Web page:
Top positive review
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Best self-help book for OCD I have ever read!
on 24 October 2011
Before I start this review, I should point out for reasons of clarity that I am the Chief Executive of the national charity OCD-UK, but more than that, I am someone with OCD myself. So when reading the book, I read it from a personal perspective, as someone with OCD.
The press release for the book describes this as a practical guide written by three leading Cognitive Behaviour Therapy (CBT) experts which enables you to make sense of your symptoms, and gives a clear plan to help you conquer OCD. The book does not fail to offer just that!
If you believe that Obsessive-Compulsive Disorder (OCD) is primarily a psychological illness and that Cognitive Behavioural Treatment (CBT) holds the key to restoring good health then this is the book for you.
Unlike most other OCD books, this book spends a significant amount of time discussing the cognitive aspect of CBT, and helping the reader to understand the mechanisms which drive our obsessive thinking. By doing this, the behavioural exercises which are required to help us overcome this insidious illness make all the more sense, that is what marks this book out from others.
Throughout the book the authors write in a gentle, kind, supportive and most importantly, a positive manner, which like any good therapist helps us relax and feel at ease with the authors and what they write.
It's written in such an easy to understand style, that is neither too simplistic nor too scientific, which means that this book will be helpful for anyone affected by OCD, from late teens, through to older people, it is written in a style that will benefit people of all ages.
I would also go as far as suggesting that every therapist involved in treating people with OCD must read this book, because if the therapists treating us with OCD understand the principles written in this book, then ultimately, we as sufferers, will benefit from their increased understanding of the illness.
The books back cover promotion correctly says that whether your condition is mild or severe, this definitive resource will help you reclaim your life and keep OCD away for good. I certainly would agree with that, it's one of the best OCD self-help guides focusing on CBT I have read for many years.
Perhaps one criticism is that it does not really offer any extended advice for those whose OCD is severe and entrenched, when OCD is so severe it is hard to see the wood for the trees, where the power of the OCD becomes all-consuming and taking that first step seems impossible. In such circumstances self-help materials like this book will perhaps not be enough to break the shackles of OCD anyway and professional help and guidance will be needed, but, this book still remains a must read because it contains the core principles which ultimately will help them unlock the door to a life free of OCD. It also contains lots of helpful and practical information to help people access professional support, both through the NHS and privately.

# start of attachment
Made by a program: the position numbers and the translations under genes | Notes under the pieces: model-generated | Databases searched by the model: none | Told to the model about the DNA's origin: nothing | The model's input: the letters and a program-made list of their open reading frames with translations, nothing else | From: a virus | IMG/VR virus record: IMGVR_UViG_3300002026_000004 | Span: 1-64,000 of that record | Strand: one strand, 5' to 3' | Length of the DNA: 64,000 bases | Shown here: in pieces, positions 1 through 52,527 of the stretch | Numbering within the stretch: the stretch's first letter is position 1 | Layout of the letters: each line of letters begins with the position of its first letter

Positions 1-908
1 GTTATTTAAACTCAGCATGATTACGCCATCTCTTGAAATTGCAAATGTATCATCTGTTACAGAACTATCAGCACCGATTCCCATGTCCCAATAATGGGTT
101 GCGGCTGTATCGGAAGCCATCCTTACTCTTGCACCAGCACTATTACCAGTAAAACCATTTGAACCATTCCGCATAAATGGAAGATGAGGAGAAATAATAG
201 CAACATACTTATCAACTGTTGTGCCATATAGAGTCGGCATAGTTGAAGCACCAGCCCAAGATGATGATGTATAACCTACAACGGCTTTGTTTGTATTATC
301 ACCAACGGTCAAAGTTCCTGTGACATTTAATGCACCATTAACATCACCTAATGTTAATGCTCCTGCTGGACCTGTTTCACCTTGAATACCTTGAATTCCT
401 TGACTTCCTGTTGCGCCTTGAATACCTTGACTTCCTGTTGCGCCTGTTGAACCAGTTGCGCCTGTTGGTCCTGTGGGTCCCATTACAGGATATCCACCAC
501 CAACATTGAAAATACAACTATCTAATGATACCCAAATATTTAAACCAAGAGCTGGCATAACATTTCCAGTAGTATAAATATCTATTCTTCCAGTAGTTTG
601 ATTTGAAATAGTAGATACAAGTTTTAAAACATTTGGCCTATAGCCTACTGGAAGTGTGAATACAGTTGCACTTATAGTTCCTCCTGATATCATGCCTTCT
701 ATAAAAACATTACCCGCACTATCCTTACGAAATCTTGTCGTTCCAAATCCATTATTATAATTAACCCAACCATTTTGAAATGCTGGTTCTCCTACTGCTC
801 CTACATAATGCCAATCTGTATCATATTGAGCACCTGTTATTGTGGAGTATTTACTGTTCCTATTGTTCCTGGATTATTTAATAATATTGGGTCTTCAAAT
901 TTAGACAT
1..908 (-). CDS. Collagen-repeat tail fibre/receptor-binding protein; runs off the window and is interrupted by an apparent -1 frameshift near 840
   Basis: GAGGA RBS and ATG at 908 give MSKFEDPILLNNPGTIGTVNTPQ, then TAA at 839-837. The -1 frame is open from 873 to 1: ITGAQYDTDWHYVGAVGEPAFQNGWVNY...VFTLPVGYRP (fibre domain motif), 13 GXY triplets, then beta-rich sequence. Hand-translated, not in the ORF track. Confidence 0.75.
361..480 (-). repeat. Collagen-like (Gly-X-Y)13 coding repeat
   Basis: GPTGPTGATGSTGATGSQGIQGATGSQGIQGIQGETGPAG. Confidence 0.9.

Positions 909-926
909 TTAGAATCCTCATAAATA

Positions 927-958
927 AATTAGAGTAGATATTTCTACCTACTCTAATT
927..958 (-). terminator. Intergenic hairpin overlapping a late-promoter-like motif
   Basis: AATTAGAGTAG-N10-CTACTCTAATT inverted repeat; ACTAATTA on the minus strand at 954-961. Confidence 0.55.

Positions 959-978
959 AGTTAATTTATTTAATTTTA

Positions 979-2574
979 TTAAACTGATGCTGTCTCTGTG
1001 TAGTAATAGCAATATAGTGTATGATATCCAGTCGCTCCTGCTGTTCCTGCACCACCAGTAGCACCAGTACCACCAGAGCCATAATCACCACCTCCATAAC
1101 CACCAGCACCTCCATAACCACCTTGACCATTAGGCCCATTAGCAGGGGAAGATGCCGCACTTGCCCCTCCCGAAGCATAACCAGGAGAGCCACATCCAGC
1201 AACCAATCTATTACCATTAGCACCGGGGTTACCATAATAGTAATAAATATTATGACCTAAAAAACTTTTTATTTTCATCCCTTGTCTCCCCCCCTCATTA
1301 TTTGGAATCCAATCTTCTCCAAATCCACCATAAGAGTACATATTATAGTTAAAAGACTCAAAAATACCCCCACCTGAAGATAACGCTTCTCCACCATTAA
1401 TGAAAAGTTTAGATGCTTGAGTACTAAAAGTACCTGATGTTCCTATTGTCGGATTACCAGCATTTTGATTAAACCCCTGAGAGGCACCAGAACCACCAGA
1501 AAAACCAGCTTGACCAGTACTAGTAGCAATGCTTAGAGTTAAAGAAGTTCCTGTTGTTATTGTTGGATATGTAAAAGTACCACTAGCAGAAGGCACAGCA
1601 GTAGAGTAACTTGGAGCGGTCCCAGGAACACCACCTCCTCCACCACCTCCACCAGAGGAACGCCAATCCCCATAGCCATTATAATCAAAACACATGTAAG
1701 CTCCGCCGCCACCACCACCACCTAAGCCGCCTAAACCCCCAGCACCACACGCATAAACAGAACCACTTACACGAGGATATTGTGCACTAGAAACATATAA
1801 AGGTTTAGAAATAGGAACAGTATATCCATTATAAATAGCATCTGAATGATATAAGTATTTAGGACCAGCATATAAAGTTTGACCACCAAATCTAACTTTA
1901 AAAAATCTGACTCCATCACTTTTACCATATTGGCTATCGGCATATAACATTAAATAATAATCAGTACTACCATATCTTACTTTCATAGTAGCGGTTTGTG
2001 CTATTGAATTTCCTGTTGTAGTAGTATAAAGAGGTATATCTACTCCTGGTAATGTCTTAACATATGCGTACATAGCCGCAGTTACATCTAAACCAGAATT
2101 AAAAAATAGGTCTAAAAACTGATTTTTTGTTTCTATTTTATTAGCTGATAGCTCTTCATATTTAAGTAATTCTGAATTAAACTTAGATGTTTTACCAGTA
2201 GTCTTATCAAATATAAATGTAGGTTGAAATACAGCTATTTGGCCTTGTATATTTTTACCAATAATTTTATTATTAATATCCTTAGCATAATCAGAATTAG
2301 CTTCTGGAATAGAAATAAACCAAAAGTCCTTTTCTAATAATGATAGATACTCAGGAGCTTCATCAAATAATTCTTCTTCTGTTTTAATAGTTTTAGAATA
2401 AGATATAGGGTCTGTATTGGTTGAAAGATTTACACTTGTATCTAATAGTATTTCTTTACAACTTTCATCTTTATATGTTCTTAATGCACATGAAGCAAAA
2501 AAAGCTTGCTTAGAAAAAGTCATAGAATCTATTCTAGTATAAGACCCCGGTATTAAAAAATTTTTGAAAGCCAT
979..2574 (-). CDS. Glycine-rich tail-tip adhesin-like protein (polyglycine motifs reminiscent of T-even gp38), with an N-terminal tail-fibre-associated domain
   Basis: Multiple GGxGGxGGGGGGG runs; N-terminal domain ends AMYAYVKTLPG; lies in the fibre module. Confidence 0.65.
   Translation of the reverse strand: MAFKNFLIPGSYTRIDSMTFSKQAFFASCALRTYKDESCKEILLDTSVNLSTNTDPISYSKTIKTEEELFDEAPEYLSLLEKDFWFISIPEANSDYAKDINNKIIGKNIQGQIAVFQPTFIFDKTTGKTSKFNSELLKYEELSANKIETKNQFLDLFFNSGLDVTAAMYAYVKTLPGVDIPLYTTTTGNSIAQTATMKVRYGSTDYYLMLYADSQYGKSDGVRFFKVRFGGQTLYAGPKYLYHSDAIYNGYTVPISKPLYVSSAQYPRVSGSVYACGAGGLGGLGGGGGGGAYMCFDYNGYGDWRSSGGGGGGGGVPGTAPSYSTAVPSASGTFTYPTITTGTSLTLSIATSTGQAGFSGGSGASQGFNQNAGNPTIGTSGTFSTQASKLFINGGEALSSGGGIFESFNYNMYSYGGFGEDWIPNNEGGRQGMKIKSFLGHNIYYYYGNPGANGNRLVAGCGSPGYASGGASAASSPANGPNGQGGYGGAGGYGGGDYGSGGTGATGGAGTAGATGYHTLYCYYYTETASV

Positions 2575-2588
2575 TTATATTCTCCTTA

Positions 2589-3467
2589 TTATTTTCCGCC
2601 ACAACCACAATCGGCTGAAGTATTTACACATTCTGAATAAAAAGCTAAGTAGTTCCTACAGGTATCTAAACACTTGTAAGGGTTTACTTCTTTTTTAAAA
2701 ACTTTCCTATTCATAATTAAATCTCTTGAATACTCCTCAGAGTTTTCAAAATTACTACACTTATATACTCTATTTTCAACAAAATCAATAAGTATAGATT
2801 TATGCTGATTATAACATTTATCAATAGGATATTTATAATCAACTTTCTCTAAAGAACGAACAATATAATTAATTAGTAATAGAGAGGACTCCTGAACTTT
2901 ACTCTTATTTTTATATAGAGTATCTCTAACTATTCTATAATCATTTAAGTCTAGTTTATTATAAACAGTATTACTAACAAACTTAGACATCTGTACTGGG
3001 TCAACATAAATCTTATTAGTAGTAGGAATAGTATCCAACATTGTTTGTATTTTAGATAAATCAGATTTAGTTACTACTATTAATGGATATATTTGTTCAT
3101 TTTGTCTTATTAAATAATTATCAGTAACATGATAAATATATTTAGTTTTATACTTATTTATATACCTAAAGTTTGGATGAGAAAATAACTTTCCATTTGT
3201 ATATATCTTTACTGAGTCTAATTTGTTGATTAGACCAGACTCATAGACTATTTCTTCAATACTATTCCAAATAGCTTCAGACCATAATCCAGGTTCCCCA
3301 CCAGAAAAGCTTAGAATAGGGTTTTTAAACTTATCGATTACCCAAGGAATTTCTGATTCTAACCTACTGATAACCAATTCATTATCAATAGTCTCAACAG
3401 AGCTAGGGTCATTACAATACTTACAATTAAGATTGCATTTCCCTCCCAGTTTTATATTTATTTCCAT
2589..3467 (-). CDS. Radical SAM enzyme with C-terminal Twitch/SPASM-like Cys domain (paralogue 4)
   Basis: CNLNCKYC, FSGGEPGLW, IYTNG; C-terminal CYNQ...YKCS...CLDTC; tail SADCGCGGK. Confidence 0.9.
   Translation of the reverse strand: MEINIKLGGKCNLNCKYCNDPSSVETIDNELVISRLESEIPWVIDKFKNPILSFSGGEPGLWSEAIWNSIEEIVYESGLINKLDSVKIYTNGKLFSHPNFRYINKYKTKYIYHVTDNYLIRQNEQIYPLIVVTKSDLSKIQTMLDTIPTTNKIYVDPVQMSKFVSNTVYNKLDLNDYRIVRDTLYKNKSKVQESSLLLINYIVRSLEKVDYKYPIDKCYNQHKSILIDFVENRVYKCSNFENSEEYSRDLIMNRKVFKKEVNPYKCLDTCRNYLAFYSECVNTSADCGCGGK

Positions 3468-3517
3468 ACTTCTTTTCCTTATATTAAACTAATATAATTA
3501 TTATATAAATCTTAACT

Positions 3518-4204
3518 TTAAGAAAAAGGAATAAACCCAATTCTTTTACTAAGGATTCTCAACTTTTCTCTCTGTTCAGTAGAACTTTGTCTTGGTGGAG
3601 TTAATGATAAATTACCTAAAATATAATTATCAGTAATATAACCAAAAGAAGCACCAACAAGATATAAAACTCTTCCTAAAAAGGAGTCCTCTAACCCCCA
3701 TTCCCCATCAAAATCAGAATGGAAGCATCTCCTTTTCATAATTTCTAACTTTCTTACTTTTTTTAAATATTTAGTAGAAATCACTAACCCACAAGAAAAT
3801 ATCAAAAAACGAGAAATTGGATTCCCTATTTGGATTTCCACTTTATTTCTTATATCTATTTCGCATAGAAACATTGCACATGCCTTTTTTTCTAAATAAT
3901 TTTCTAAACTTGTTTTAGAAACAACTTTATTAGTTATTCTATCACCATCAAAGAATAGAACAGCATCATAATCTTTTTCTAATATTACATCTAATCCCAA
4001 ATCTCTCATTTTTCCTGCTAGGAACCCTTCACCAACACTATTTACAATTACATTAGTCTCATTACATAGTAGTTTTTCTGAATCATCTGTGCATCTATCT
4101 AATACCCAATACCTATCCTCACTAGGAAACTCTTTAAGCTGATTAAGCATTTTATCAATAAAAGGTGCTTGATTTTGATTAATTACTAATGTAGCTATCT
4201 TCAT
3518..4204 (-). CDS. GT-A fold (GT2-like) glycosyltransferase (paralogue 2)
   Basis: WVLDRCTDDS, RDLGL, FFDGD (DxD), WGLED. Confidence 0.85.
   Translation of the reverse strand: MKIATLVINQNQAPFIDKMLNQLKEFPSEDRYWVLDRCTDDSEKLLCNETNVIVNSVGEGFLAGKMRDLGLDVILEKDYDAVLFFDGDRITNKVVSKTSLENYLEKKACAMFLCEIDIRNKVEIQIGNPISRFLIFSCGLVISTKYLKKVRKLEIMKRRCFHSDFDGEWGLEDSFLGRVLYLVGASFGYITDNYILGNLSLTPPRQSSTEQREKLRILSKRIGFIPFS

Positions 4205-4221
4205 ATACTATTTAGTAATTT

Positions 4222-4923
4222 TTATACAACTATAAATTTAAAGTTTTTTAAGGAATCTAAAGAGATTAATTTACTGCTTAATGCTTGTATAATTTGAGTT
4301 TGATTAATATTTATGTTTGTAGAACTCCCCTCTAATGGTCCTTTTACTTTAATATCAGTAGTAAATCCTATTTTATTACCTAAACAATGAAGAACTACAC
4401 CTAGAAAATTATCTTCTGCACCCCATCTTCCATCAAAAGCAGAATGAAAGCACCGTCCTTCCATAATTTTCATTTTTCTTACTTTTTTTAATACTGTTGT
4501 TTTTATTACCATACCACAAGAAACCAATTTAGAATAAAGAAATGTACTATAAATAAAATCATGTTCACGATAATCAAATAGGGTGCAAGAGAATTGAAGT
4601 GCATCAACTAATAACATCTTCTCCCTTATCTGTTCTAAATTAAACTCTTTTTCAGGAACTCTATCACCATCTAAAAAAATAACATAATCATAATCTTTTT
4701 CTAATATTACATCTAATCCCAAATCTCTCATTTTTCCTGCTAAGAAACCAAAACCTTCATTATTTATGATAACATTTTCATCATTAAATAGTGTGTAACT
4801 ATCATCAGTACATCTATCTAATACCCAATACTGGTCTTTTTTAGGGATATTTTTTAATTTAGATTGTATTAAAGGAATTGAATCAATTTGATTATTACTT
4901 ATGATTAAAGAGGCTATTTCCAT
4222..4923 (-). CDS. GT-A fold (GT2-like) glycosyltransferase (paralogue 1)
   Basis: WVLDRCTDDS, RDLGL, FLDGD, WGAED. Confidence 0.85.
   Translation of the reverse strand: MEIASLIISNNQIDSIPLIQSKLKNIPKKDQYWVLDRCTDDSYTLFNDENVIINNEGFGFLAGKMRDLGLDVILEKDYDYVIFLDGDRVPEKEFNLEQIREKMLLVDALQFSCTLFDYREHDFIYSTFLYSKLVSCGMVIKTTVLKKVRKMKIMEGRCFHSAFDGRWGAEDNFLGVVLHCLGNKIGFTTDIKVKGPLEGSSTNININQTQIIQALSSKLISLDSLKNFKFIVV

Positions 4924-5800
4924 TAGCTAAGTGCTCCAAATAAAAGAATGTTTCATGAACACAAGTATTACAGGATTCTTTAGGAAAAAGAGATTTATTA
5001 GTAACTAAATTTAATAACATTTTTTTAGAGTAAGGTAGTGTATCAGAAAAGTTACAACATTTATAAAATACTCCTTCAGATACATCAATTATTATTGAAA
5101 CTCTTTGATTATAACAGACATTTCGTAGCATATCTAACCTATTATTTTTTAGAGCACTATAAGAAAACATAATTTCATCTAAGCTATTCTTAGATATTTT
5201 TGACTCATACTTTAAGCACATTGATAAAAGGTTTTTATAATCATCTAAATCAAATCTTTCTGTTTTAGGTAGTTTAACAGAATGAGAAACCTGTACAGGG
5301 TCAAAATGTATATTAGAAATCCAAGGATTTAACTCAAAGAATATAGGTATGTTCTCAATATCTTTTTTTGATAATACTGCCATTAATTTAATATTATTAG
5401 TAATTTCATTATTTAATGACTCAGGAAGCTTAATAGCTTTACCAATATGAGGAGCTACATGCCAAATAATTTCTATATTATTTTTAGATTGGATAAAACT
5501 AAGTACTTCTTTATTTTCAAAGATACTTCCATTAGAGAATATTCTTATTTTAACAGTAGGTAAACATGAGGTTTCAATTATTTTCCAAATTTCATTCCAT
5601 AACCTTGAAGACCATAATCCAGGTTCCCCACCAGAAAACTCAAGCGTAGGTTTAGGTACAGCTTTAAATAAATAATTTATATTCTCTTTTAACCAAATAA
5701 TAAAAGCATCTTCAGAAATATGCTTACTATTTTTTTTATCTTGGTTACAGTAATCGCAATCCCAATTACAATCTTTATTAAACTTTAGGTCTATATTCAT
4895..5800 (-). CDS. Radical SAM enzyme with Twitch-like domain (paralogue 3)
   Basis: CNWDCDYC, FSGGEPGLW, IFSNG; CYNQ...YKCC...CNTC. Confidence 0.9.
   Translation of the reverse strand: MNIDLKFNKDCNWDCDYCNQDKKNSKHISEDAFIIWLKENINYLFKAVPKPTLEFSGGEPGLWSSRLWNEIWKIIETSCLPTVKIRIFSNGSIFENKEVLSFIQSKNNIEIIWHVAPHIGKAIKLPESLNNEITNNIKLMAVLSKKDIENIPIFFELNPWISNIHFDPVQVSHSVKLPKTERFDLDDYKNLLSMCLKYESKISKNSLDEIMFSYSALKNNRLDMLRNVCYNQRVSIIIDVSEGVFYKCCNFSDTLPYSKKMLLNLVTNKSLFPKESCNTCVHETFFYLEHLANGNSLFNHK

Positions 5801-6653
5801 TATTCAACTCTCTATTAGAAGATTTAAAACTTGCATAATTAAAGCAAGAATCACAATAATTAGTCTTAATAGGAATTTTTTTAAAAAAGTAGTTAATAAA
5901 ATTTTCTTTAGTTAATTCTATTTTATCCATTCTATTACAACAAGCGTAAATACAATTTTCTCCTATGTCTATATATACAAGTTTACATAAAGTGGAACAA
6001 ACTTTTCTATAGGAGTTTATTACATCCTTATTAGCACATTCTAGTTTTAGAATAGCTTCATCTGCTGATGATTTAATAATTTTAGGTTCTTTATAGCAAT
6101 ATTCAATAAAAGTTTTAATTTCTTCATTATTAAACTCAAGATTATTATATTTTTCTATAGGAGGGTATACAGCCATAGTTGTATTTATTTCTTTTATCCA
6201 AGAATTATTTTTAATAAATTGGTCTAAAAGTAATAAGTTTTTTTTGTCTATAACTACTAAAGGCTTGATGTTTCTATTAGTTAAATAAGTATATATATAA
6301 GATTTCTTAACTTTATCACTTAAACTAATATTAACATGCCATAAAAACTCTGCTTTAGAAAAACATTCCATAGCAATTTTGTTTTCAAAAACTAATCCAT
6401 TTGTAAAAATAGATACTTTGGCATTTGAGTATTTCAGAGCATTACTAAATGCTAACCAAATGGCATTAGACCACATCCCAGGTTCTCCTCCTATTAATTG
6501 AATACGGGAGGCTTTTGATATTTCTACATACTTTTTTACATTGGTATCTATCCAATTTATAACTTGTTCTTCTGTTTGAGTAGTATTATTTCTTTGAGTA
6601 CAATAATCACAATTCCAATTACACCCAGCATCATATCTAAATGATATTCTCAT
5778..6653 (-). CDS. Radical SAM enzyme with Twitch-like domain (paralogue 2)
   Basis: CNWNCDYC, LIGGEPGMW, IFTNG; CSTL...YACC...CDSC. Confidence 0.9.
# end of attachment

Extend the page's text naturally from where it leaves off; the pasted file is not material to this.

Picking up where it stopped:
Throughout the book it uses four primary case studies to help illustrate the theories being discussed, those are:
* Rumination (Pure-O)
* Religious Blasphemous OCD (scrupulosity)
Each case study will demonstrate that the cognitive principles in challenging our OCD thought processes are primarily the same, regardless of the form of OCD, so this book really is suitable for anyone, with any form of OCD. This also illustrates that importance of the cognitive aspect of treating OCD, which is often overlooked for the behavioural part (ERP).
The book does not just confine itself to those four categories of OCD, it also discusses those who think they may have compulsions but no obsessions, and vice-versa, those with obsessions but not compulsions. It also offers informative information for Family, friends and carers (FFC), including practical advice for FFC to help you approach the subject of OCD with a sufferer that will not accept they have OCD.
The book also contains helpful worksheets which are designed to get you thinking more closely about how your OCD impacts on your life, and from my own experience this is actually a fantastic thought provoking exercise to get you understanding your own OCD in ways you had not previously realised, It can be an emotional exercise, but incredibly valuable non-the-less.
Similarly the goal setting exercise to set short term, medium term and long term goals is a positive exercise which is equally invaluable during therapy, and allows you to guide yourself during the therapeutic process.
To summarise, I would highly recommend this book to anyone showing mild symptoms through to those struggling and suffering with Obsessive-Compulsive Disorder, including family members. This book allows you to make sense of your OCD in ways which allows you to see what's going on, and understand how our obsessional worries that keep us locked in a life of OCD can be changed, allowing us to Break free from OCD.